But re the point of your post, it has been those we label students who have been unquestionably the most supportive when I have made my difficulties public. They have done it in humbling, honest, beautiful ways. In my current space, I have found that it is repeatedly with students that I can engage over questions of ethics, morality, values. Raising these issues with most of my colleagues, I am met with a discomfited silence. I have just been discussing the culture of our school and research centre with their leaders, suggesting we build a culture of generosity and respect (as opposed to competition and secrecy) – it will be interesting to see the outcome.

    Thanks for the insights, and carefully teasing out the threads of this issue.

  • Kate Bowles

    Michael, thank you so much for bringing this story here. I have also found that when I’ve carefully and calmly disclosed health issues with students their responses have been exactly as you describe.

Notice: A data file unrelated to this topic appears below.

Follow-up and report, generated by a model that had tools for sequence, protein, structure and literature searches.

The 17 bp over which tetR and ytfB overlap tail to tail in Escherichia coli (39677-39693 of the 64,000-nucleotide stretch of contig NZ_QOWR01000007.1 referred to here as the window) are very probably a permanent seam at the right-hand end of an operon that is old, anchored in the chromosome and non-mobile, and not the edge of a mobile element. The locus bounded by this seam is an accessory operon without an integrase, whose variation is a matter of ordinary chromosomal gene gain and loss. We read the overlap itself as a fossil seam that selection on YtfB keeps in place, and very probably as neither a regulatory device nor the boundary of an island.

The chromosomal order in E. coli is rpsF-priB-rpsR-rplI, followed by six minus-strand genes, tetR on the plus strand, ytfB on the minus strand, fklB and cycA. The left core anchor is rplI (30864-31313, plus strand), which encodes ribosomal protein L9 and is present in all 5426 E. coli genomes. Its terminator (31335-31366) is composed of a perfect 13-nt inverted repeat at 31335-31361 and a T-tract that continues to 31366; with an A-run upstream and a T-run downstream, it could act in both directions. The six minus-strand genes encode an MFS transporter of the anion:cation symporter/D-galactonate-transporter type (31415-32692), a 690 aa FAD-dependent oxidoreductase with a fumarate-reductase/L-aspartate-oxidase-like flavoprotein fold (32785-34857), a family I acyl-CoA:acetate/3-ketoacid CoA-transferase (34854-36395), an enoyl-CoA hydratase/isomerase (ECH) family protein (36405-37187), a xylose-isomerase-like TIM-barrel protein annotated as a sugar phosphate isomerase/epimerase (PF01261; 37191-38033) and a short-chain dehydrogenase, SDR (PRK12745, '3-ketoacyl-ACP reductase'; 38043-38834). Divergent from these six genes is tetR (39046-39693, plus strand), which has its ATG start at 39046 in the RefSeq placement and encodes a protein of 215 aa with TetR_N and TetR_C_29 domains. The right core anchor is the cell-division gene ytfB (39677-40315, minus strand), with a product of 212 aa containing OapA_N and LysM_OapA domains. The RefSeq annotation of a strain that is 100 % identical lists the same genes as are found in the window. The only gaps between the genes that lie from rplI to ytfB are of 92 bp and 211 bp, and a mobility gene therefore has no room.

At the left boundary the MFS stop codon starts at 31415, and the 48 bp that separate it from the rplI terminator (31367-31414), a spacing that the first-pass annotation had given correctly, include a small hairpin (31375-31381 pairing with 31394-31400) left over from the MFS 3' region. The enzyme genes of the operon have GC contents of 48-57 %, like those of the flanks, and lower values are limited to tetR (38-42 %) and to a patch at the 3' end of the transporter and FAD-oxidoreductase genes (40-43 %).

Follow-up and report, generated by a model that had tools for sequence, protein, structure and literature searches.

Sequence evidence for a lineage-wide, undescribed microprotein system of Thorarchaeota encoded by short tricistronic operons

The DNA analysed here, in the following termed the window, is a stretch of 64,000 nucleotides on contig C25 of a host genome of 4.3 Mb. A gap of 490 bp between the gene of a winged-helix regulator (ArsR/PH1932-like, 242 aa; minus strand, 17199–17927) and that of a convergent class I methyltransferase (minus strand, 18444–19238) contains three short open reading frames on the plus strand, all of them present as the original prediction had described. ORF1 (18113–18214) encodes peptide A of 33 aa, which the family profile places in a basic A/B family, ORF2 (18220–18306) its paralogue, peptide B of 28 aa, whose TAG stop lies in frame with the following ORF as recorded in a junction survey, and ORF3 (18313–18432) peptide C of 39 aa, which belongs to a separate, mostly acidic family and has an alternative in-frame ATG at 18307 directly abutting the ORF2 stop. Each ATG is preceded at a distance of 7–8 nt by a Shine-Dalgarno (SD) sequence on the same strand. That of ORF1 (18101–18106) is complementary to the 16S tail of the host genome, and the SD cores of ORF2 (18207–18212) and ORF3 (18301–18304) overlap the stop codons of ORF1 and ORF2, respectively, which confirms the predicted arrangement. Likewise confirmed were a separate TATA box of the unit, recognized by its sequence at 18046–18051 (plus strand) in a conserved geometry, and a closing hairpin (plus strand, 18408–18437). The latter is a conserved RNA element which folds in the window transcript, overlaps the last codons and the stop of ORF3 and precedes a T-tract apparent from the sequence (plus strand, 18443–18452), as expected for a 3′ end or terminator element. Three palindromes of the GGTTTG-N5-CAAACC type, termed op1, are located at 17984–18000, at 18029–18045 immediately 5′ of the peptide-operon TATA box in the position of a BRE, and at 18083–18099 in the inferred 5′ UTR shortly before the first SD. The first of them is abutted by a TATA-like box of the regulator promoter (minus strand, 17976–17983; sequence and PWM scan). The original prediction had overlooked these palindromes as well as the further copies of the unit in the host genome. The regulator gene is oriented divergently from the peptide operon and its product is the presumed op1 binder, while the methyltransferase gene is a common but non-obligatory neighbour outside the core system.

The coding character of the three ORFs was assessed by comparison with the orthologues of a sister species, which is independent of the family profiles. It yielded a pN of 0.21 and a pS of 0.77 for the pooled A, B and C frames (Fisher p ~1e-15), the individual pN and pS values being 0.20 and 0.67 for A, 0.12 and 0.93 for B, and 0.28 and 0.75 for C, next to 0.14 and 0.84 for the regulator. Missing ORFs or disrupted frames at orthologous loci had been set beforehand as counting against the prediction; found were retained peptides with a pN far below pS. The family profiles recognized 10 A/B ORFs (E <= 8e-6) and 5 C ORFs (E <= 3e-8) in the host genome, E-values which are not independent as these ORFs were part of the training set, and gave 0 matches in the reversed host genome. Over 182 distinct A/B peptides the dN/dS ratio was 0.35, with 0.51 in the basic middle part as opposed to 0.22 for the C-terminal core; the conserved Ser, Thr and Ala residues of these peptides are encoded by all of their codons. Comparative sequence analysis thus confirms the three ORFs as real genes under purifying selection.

My aim when health issues are disclosed to me is to meet this standard that students themselves have set: to respond first with kindness, and second with what-must-be-done. So like you I find the space of teaching and learning to be filled with values that aren’t quite the aspirational ones currently labelling the tin, but are the ones that we all need to make work and life sustainable.

    I am so interested to hear more about your proposal for creating a workplace culture of generosity and respect, and that you see these as the opposite terms for competition and secrecy. We are hearing so much about “competitive” as a goal, that to counterpose “generous” is a very powerful move. The opposing of respect and secrecy is even more complex.

  • becalbury

    Thanks Kate, I think that the tag line ‘stands with purpose’ might be fine except that it really means ‘stands for what the top of the institution think is important’ rather than the multiple purposes of staff and students. Perhaps the conversation that leads to a more supportive institution will include a deep discussion of the many different purposes required to keep the reputation strong in places other than the ranking gangs. The values of the classroom discussed above are not the values that lead to total ranking stardom, but rather the human values that promote learning and growth.

    On goals and slogans – years ago at my daughters’ primary school, at the end of the school song that supported risk and daring, everyone shouted ‘Fly Be Free!’ Hardly any standing there.